Regionaler Kult und lokaler Kult: Studien zur Kult - und Religionsgeschichte Israels und Judas im 9. und 8 Jahrhundert v. Chr.

Author:Beckman, Gary
Position:Book review
 
FREE EXCERPT

Regionaler Kult und lokaler Kult: Studien zur Kult- und Religionsgeschichte Israels und Judas im 9. und 8. Jahrhundert v. Chr. By DETLEF JERICKE. Abhandlungen des Deutschen Palastina-Vereins, vol. 39. Wiesbaden: HARRASSOWITZ VERLAG, 2010. Pp. ix + 248, illus. [euro] 54 (paper).

Scholars have long sought to reconcile the picture drawn of worship in ancient Israel and Judah by the Hebrew Bible with the evidence recovered by archaeology from the soil of the Levant. The Torah describes a monotheistic and aniconic Yahwism centered on a magnificent temple in Jerusalem battling backsliders into polytheistic Canaanite idolatry, while in contrast archaeology has revealed religious establishments outside the capital (e.g., Arad), small images of goddesses in private homes, and even a wife for Yahweh (at Kuntillet 'Alrud). In this book, the revision of a 2005 Heidelberg Habilitationshrift. Detlef Jericke presents a reconstruction of the religio-historical scene in Judah and Israel during the ninth and eighth centuries B.C.E. (c.880-720, Iron Age IIA), based primarily on the archaeological material.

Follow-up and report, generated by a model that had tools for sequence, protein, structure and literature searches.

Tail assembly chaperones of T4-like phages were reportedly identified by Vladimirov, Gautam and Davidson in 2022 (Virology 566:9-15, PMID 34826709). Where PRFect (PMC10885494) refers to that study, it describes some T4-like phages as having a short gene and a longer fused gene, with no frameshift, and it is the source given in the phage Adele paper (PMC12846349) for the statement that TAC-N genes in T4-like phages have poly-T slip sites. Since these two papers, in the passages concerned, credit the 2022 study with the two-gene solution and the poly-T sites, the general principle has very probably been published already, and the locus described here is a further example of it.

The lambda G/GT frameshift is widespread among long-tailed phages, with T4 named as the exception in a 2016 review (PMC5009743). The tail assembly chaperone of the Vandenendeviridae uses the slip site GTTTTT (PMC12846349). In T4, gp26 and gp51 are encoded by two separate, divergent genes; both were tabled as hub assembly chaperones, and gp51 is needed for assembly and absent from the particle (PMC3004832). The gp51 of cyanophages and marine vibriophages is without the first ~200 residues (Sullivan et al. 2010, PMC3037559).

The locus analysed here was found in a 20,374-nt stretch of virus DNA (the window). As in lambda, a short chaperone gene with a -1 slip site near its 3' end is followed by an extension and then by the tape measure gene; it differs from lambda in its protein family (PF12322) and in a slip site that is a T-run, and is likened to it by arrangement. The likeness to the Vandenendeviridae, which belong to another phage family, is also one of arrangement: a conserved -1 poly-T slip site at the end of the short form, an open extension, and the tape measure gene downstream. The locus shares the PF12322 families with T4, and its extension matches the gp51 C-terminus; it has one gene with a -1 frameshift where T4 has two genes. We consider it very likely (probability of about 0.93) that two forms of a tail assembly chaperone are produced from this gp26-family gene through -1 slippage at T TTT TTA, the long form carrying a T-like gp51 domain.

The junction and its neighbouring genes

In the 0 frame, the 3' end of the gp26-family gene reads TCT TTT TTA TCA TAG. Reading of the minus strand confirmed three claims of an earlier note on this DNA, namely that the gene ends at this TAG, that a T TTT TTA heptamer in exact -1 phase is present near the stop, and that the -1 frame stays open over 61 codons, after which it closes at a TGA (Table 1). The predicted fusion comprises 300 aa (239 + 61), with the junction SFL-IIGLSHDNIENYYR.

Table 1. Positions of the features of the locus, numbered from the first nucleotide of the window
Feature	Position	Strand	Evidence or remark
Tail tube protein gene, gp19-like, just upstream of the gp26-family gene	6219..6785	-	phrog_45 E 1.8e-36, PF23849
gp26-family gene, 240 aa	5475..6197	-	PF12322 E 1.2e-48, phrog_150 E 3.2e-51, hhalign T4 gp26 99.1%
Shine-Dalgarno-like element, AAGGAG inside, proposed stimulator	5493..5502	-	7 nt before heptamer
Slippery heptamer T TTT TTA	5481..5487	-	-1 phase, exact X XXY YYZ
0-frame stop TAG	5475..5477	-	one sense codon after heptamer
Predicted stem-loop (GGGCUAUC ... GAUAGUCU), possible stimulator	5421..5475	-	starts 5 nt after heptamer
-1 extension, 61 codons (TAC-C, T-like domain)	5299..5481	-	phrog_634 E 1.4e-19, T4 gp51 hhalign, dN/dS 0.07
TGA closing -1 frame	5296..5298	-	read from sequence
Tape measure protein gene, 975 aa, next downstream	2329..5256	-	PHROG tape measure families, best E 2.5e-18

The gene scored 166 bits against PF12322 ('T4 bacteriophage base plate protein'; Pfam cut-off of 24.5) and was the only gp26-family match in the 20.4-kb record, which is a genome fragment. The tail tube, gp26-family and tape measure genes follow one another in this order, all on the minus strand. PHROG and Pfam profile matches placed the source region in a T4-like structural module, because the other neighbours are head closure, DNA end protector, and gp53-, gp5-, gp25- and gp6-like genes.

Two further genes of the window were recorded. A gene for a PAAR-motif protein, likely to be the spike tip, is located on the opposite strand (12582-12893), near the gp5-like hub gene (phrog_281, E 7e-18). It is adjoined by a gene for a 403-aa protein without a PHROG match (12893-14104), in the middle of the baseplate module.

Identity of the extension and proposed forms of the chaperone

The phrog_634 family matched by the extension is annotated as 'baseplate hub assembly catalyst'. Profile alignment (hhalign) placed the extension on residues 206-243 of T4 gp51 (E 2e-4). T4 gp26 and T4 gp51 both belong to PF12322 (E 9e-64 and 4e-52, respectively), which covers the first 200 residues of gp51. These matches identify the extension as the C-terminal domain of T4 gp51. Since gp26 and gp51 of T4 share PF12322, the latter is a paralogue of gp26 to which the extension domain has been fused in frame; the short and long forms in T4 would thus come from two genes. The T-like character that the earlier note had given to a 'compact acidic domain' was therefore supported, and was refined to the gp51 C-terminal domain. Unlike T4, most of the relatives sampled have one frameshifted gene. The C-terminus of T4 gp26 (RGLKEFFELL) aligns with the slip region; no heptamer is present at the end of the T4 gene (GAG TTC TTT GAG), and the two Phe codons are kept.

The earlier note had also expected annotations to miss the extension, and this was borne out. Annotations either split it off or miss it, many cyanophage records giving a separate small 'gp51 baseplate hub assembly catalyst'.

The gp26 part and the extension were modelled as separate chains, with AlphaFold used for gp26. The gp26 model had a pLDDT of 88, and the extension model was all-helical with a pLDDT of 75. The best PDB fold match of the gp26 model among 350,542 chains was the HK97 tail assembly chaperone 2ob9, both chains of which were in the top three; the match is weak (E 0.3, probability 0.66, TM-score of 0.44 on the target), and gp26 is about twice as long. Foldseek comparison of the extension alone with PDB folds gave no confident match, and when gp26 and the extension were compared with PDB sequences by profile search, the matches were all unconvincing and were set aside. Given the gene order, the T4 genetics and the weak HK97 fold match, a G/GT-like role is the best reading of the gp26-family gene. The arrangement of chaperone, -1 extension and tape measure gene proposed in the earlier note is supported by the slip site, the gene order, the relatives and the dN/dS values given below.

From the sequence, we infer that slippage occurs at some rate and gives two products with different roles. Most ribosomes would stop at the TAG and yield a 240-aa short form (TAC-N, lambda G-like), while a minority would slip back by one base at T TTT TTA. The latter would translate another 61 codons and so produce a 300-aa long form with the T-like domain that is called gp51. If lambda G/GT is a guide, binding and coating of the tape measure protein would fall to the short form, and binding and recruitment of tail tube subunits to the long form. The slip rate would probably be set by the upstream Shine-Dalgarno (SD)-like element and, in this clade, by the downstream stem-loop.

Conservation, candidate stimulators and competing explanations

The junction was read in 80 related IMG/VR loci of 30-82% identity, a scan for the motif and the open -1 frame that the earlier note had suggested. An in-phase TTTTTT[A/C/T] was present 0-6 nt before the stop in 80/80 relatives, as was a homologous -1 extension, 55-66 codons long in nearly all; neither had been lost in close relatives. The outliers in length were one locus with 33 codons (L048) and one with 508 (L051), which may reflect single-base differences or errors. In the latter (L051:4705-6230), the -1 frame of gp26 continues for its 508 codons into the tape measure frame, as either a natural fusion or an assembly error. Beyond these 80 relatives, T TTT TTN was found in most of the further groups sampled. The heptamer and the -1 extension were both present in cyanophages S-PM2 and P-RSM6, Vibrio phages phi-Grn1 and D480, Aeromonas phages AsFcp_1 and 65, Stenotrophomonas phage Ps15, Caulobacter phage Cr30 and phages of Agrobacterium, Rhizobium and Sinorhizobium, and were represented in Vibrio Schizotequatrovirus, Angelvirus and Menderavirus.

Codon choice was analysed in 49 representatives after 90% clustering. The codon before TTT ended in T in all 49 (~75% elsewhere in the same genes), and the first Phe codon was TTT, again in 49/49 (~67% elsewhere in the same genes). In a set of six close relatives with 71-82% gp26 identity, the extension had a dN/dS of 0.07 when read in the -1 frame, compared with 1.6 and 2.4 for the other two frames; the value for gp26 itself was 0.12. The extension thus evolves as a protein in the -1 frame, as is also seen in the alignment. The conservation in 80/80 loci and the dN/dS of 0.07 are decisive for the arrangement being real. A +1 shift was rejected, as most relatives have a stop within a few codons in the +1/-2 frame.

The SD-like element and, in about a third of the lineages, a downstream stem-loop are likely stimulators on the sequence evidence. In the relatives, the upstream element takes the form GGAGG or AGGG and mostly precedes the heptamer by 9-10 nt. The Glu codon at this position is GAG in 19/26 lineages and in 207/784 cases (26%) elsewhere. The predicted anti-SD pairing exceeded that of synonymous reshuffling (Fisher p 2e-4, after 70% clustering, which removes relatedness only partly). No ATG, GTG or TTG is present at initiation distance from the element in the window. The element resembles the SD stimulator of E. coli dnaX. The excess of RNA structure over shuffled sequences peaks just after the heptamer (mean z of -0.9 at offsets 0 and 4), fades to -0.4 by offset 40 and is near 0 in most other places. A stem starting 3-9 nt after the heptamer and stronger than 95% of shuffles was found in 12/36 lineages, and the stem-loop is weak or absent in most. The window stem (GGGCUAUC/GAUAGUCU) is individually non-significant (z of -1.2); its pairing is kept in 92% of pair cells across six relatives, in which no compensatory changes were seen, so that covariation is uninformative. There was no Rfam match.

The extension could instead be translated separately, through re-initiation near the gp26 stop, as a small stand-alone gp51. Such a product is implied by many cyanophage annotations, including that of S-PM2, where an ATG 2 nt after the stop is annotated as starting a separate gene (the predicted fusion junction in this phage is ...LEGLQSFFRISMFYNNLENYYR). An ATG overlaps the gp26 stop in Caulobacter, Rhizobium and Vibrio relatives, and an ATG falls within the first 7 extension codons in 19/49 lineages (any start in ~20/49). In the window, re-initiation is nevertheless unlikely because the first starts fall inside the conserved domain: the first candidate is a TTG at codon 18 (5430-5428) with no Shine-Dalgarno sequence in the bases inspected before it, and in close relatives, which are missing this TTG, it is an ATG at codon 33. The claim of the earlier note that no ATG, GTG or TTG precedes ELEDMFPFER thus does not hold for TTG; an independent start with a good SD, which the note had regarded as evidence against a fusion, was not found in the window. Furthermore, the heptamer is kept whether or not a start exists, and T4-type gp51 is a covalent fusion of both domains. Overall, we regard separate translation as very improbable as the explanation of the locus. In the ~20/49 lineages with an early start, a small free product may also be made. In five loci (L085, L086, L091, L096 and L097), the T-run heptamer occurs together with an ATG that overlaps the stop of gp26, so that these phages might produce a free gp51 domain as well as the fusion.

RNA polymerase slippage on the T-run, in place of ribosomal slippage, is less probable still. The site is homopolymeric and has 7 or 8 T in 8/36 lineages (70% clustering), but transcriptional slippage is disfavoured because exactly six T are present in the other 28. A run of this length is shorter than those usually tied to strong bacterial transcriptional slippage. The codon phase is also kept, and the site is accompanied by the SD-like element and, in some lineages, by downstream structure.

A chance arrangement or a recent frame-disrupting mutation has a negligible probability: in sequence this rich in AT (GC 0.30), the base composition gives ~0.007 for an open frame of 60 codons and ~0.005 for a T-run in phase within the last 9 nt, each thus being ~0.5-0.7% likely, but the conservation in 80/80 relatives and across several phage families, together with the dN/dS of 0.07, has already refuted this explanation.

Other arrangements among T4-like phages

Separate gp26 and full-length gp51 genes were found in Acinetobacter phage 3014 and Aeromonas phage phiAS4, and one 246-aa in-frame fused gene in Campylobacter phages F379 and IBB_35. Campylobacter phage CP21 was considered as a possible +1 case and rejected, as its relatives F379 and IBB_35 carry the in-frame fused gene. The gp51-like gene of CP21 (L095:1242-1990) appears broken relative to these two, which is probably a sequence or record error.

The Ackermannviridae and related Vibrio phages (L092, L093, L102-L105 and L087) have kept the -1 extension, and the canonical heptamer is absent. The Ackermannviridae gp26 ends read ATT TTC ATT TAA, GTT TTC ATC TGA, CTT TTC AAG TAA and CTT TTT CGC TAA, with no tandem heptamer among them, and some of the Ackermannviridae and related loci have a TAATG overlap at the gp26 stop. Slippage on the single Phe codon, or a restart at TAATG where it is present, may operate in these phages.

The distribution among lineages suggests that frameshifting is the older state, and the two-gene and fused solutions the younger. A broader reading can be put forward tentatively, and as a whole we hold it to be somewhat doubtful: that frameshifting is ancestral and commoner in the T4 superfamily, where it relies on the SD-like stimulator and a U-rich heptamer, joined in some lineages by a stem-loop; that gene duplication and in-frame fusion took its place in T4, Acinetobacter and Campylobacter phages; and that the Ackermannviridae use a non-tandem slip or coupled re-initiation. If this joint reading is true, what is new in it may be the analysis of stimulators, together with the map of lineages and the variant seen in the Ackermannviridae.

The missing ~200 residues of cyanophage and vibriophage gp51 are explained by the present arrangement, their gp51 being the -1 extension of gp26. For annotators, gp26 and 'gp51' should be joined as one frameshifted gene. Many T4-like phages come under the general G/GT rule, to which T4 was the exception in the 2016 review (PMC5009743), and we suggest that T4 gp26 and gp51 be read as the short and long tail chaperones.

Jericke situates the biblical states within their larger political and cultural context, that is, as small entities threatened by expansionist Assyria and participants in a wider "Syro-Phoenician" civilization (pp. 20, 36). In Iron Age IIA, the usual religious practice in northern Syro-Palestine was royal veneration of the polity's deities in a small shrine attached to the king's residence (which the author terms "local cult") alongside worship in a precinct near the city gate (cf. Tel Dan) frequented by both townspeople and residents of the surrounding hinterland ("regional cult") (pp. 142-43). Archaeologically, this worship is represented by benches for the deposit of votive offerings, equipment for libations and incense offerings, and mostly aniconic stele (massebot). Such artifacts are also characteristic of sacred sites in both Israel and Judah in the ninth-eighth centuries.

But what about the Solomonic...

To continue reading

FREE SIGN UP